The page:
Something to challah about! B&H dairy restaurant reopens

Longtime customers dug into their usual B&H breakfasts last Friday for the first time in almost five months. Dan Efram, right, has been coming to B&H for 23 years.  Photos by Yannic Rack

Longtime customers dug into their usual B&H breakfasts last Friday for the first time in almost five months. Dan Efram, right, has been coming to B&H for 23 years. Photos by Yannic Rack

BY YANNIC RACK  |  Updated Wed., Aug. 19: After its doors were shuttered almost five months ago, the B&H kosher dairy restaurant on Second Ave. finally reopened last Fri., Aug. 14, with a line of loyal customers stretching out the door.

The restaurant, an East Village staple since the 1930s, closed in the aftermath of the gas explosion that destroyed three buildings on the same block back in late March.

Fawzy Abdelwahed, who has run the dairy with his wife, Ola, since 2003, struggled to pay the $30,000 monthly rent plus expenses, but was saved from bankruptcy by two successful crowdfunding campaigns.

He also had to update his gas facilities and install a costly new fire-suppression system, all mandated by the city after the explosion.

“It was very close. For a while I really lost hope,” he said on Friday, while his staff — all of whom have returned to the restaurant — dished out buttered challah and coffee to the enthusiastic locals that packed the counter and tables of the small shop.

“I’m feeling great,” Abdelwahed said, standing behind the counter next to his wife. “All my customers, all my friends — everybody’s here.”

Mike Tarabih, who has worked at B&H for 10 years, said he didn’t take another job while the restaurant was closed but instead passed the time at home, babysitting.

“I missed my place, I missed my customers. I’m really excited. I couldn’t sleep for two days,” he said right before the gas was turned back on for the first time.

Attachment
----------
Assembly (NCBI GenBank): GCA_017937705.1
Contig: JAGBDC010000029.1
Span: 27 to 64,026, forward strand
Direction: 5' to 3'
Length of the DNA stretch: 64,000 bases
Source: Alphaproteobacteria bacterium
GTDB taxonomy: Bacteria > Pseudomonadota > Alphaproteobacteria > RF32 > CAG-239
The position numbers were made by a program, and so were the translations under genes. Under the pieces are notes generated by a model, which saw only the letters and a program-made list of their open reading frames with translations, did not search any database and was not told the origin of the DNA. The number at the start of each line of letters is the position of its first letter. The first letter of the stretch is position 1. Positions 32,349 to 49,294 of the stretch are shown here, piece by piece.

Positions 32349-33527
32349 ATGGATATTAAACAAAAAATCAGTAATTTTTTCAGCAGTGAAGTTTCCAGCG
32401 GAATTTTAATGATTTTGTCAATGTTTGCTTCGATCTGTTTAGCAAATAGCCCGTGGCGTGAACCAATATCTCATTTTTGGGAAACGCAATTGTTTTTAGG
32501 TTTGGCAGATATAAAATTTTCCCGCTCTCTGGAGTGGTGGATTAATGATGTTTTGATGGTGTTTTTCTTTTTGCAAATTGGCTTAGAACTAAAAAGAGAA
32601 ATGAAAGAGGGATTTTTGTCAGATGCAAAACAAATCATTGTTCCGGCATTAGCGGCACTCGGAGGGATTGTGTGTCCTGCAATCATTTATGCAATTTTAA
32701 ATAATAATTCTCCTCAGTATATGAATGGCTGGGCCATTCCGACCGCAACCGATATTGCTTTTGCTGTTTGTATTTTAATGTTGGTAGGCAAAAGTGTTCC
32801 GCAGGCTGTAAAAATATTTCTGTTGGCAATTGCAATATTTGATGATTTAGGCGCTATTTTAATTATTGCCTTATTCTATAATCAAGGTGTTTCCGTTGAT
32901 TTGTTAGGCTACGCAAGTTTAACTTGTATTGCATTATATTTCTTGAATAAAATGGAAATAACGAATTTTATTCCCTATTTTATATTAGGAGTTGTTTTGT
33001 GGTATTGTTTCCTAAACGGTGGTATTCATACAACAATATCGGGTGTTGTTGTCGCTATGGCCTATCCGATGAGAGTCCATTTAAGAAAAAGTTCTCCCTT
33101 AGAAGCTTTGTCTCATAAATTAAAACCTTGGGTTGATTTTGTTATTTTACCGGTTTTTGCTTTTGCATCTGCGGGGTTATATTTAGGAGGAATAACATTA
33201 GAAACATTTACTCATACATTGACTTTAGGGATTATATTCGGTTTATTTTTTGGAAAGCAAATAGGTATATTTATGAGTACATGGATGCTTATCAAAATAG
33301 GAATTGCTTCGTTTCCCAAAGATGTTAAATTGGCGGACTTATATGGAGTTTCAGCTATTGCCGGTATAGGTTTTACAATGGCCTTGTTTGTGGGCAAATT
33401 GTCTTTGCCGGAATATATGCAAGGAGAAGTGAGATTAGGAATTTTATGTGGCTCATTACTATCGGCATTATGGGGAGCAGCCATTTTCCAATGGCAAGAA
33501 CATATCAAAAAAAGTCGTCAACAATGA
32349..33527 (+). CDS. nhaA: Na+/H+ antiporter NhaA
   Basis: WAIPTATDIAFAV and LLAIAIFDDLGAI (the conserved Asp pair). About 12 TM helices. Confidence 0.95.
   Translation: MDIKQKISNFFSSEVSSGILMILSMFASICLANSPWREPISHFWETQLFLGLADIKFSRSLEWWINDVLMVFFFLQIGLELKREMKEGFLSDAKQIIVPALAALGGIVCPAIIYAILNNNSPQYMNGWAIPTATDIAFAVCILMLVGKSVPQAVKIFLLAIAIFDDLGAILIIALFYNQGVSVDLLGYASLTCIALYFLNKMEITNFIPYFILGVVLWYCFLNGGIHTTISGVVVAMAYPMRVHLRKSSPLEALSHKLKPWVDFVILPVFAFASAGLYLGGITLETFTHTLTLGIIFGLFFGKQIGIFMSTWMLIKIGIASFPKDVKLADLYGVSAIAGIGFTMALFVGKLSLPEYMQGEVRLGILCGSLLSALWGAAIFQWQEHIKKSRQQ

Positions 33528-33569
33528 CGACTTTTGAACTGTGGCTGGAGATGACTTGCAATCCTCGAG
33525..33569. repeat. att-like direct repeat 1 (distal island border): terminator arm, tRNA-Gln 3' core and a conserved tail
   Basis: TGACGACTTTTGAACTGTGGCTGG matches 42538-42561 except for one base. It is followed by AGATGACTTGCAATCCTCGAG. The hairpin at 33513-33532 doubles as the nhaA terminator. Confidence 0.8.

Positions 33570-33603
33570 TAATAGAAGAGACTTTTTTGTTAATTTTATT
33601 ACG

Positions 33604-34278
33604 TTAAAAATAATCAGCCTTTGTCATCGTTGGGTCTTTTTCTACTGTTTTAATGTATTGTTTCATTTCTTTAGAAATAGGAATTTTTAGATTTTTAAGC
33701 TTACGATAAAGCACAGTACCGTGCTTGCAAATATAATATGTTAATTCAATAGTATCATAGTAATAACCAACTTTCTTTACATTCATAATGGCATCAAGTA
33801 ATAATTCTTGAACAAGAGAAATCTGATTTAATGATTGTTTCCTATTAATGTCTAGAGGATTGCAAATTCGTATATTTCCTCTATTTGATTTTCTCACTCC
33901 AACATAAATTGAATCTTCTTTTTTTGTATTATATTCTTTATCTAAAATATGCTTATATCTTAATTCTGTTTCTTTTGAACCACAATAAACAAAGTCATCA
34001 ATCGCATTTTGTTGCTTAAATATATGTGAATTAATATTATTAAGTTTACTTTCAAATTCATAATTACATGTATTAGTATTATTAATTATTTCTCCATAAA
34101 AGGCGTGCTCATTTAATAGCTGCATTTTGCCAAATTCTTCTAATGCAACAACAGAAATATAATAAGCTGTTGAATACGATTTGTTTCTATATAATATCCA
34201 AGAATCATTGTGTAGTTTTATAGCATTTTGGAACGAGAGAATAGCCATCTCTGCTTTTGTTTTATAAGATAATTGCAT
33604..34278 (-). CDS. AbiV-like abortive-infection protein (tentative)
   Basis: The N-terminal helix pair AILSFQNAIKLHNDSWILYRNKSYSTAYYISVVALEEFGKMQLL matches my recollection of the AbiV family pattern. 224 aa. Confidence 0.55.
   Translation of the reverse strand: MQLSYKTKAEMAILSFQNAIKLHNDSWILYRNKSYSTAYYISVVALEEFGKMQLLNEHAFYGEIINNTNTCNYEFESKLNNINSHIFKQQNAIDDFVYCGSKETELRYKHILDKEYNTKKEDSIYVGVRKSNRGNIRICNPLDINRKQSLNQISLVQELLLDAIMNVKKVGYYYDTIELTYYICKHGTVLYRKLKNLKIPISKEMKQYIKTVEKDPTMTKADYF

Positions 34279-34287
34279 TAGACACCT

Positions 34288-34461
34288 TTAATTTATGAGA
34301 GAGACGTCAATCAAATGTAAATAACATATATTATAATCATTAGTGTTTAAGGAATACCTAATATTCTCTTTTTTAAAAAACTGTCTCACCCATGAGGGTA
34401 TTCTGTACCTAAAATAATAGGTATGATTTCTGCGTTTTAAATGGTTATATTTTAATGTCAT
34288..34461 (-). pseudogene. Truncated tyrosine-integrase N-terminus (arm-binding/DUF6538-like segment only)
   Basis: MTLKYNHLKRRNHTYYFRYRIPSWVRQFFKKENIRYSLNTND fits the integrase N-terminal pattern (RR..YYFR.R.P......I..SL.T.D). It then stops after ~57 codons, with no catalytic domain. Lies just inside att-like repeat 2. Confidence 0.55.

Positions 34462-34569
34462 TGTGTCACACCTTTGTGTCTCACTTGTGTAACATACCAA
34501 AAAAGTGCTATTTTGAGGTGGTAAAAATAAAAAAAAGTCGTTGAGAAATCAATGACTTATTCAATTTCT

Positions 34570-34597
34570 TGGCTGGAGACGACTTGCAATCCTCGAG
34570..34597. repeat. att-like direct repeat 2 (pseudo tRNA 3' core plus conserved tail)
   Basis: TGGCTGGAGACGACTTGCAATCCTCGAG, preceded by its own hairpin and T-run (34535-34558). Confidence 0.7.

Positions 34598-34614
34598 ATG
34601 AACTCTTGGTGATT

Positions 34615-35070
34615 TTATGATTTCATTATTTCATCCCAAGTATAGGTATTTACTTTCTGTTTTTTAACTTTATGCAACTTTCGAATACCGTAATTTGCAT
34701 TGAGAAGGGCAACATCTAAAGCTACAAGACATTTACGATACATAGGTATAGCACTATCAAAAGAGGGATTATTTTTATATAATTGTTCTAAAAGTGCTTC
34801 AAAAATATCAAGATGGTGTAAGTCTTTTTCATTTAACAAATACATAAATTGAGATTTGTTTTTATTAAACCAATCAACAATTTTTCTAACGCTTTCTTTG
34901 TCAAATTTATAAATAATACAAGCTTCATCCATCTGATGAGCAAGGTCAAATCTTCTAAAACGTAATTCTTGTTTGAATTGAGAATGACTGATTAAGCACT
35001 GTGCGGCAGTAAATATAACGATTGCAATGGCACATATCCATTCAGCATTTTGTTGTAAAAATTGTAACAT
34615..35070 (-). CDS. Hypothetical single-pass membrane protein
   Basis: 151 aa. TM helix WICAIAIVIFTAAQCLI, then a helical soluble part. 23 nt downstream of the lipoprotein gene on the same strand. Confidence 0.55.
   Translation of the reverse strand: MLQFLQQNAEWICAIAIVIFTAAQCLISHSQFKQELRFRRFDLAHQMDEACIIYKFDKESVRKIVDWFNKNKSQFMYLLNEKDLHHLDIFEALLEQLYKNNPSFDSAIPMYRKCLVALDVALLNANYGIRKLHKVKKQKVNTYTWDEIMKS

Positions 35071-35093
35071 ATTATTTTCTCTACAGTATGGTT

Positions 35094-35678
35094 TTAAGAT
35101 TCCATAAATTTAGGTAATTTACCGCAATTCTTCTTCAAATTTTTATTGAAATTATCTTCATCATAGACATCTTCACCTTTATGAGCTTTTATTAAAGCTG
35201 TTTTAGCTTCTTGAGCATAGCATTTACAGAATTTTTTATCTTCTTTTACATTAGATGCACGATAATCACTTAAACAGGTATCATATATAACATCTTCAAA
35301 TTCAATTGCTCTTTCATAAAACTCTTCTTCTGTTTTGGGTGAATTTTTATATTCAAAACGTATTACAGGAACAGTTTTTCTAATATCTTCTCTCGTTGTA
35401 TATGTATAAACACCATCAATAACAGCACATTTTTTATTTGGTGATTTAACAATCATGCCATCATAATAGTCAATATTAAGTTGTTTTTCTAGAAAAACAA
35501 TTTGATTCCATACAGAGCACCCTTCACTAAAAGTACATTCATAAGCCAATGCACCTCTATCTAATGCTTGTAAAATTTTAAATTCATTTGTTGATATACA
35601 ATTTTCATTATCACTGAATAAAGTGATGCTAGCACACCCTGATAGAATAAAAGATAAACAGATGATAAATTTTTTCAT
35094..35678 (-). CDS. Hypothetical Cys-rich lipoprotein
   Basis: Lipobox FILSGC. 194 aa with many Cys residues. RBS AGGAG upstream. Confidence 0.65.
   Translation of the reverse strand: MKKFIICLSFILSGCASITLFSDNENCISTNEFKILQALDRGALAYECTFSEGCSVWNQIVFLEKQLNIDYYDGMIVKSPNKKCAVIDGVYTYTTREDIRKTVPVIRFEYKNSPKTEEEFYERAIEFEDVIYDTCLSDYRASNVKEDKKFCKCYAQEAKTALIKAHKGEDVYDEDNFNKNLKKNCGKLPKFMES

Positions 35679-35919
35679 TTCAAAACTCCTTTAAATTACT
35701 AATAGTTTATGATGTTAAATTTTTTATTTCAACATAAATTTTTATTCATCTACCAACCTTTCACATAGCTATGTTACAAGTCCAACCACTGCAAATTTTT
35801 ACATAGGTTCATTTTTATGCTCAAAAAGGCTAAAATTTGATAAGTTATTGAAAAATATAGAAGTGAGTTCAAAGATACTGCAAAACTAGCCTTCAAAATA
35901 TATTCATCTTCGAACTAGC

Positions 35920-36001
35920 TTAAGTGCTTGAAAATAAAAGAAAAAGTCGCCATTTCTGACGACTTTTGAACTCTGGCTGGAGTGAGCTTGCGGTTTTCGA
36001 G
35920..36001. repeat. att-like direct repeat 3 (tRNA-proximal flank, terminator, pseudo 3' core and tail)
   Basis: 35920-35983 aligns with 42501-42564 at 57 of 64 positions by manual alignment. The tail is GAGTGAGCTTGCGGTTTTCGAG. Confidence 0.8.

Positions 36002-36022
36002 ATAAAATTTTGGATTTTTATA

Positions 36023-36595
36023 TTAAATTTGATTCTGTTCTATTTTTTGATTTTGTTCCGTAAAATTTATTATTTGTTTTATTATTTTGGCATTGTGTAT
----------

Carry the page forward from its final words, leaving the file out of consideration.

Standing in the small kitchen and tending to her pots of split-pea soup, bouillon and brown rice, Bogna Sanga, the dairy’s Polish cook, was beaming, too.

It didn’t take long for everyone to settle back into their old routine, and soon the regulars were enjoying their usual orders.

“This is what we’ve been waiting for,” said Dan Efram — who has been coming to the classic East Village eatery for 23 years — as he bit into his first slice of challah.

Next to him, Lawrence Weibman, a food writer and blogger, enjoyed his own favorite dish — an egg-and-cheese sandwich on challah bread, with a potato pancake stuffed inside for good measure.

“It’s like being home,” he said. “When I come here, I feel like I’m going back to my grandma’s kitchen.”

Andy Reynolds, who has been helping the owners get back on their feet by organizing the fundraisers and liaising with city agencies, said that the restaurant will host a proper reopening party on Fri., Aug. 21, from 6 p.m. to 8 p.m.

B&H owner Fawzy Abdelwahed with his wife, Ola, left, and Bernadette Nation from the Department of Small Business Services, who has been helping the restaurant obtain permits and navigate through complicated agency bureaucracy.

B&H owner Fawzy Abdelwahed with his wife, Ola, left, and Bernadette Nation from the Department of Small Business Services, who has been helping the restaurant obtain permits and navigate through complicated agency bureaucracy.

Florence Bergson Goldberg, the daughter of the original owners, will be the “guest of honor” at the event.

There are also plans to install a plaque in the restaurant with the names of everyone who helped out.

Jordy Trachtenberg, who lives around the corner on St. Mark’s Place and remembers hearing the explosion back in March, was one of the regulars that donated to the campaign — twice.

“The food is spectacular, but it’s really about the people, the community, the environment,” he said. “You talk about the fabric of New York; this is a delicious stitch.”

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